The Earth: one of the planets of the solar system
Enrico Flamini
Jan - 2014
DOI: 10.1007/s12210-013-0275-8
ISSN : 2037-4631 ;
journal : Rendiconti Lincei

Issue : January
type: Article Journal

Since the days of the beginning of our species, the process of trying to understand the very nature of the stars, the Moon, the planets and the Earth itself is still a work in progress. Only in the last five decades, we have acquired the capability to observe the Earth from outside, to land on another planet or to detect the radiation emitted by an exploding star in a region of the space far beyond any visible object in the sky and in a frequency range totally outside the boundaries of our senses. Our planet is part of a planetary system rotating around a star, the Sun. Earth and two neighboring planets in this system, Venus and Mars, share the same birth and have similar masses, composition and general characteristics, at least when regarded at a global scale. However, Venus, Mars and the Earth have followed very different planetary evolutionary paths over the about 4.5 billion of years of the history of the Solar System. Having started off from the same protoplanetary disk, and being positioned not at so different distances from our star, they now have surface temperatures and atmospheric compositions widely different. Venus features an atmosphere about 100 times thicker than our own, mostly made of CO2 and water vapor, the greenhouse gases par excellence. It thus suffers from a disastrous runaway green house effect, leading to surface temperatures close to 500 °C. Mars, in contrast, today has a very thin atmosphere, about 100th of Earth’s, and surface temperatures that are very cold even by Siberian standards. What happened exactly to this triplet of “terrestrial” planets to create differences today? Space planetology tries hard to give an answer to this question and, in passing, to understand how, on Earth, we can avoid following similar or equally catastrophic paths. We have also explored the fourth, and last, atmosphere around a solid body in our planetary system: Titan, the biggest of Saturn satellites. It is made of water ice, methane and other hydrocarbons, in gaseous, liquid and solid forms, yielding many interesting species of complex, organic molecules to populate what is possibly a prebiotic world. But Anthropocene is creeping up: it expands from our Earth into our solar system; we have deposited tons of earthly materials on the Moon and only slightly less on Mars, Venus and on some other planetary bodies, including asteroids and, in the very near future, a comet. It is very unlikely that all of the terrestrial materials scattered into the solar system had been properly sterilized. This is especially true for the first generation of probes that landed on the Moon or Mars before that a planetary protection policy was issued and agreed upon by all major space agencies.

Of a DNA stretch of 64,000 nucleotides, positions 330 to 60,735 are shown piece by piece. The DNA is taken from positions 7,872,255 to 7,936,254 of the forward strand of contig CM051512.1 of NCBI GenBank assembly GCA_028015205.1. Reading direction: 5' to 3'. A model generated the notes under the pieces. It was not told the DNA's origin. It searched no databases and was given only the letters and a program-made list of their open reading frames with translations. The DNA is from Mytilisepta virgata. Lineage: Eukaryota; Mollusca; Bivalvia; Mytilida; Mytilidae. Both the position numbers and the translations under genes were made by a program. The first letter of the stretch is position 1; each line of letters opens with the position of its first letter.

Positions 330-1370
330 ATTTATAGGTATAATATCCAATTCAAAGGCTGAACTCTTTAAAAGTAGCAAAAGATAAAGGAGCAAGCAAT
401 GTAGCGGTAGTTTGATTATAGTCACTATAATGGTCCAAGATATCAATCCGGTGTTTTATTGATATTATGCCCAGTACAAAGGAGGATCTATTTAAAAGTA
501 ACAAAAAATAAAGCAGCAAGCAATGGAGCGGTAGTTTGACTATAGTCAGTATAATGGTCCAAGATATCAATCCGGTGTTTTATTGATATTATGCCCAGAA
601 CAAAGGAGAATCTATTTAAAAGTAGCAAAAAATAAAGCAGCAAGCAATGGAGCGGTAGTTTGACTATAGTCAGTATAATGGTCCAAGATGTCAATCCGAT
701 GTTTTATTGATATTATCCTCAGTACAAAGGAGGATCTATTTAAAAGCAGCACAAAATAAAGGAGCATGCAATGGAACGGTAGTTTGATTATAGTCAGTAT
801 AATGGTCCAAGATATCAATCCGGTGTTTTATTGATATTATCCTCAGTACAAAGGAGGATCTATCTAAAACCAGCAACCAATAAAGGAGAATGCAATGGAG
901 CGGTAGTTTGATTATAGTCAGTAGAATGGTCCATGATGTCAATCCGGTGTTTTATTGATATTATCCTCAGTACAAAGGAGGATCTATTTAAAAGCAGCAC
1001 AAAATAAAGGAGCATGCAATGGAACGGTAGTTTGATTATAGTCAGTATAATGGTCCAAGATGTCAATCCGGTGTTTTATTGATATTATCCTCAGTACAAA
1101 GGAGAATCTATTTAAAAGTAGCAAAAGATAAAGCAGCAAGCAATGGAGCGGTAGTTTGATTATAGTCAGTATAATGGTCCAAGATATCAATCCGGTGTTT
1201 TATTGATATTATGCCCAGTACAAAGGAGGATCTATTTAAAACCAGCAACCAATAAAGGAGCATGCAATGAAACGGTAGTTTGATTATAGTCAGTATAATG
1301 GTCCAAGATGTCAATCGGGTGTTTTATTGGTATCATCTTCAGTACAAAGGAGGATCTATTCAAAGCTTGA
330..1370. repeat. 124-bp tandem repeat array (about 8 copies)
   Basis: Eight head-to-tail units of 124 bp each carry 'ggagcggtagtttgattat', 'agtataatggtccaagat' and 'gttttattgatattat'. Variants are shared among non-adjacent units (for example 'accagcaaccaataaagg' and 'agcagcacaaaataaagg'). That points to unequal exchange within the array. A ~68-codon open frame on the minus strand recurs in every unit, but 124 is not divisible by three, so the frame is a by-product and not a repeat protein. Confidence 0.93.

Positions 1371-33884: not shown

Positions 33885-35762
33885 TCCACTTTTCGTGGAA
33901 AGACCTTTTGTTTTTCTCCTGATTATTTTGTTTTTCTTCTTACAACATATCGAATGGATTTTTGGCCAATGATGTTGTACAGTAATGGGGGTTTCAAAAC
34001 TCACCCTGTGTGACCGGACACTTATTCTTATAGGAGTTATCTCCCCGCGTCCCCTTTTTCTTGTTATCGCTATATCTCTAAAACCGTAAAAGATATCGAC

keywords : Asteroid,Crater,Greenhouse effect,Planet,Planetary nebula,Protoplanet,Solar system,Volcanism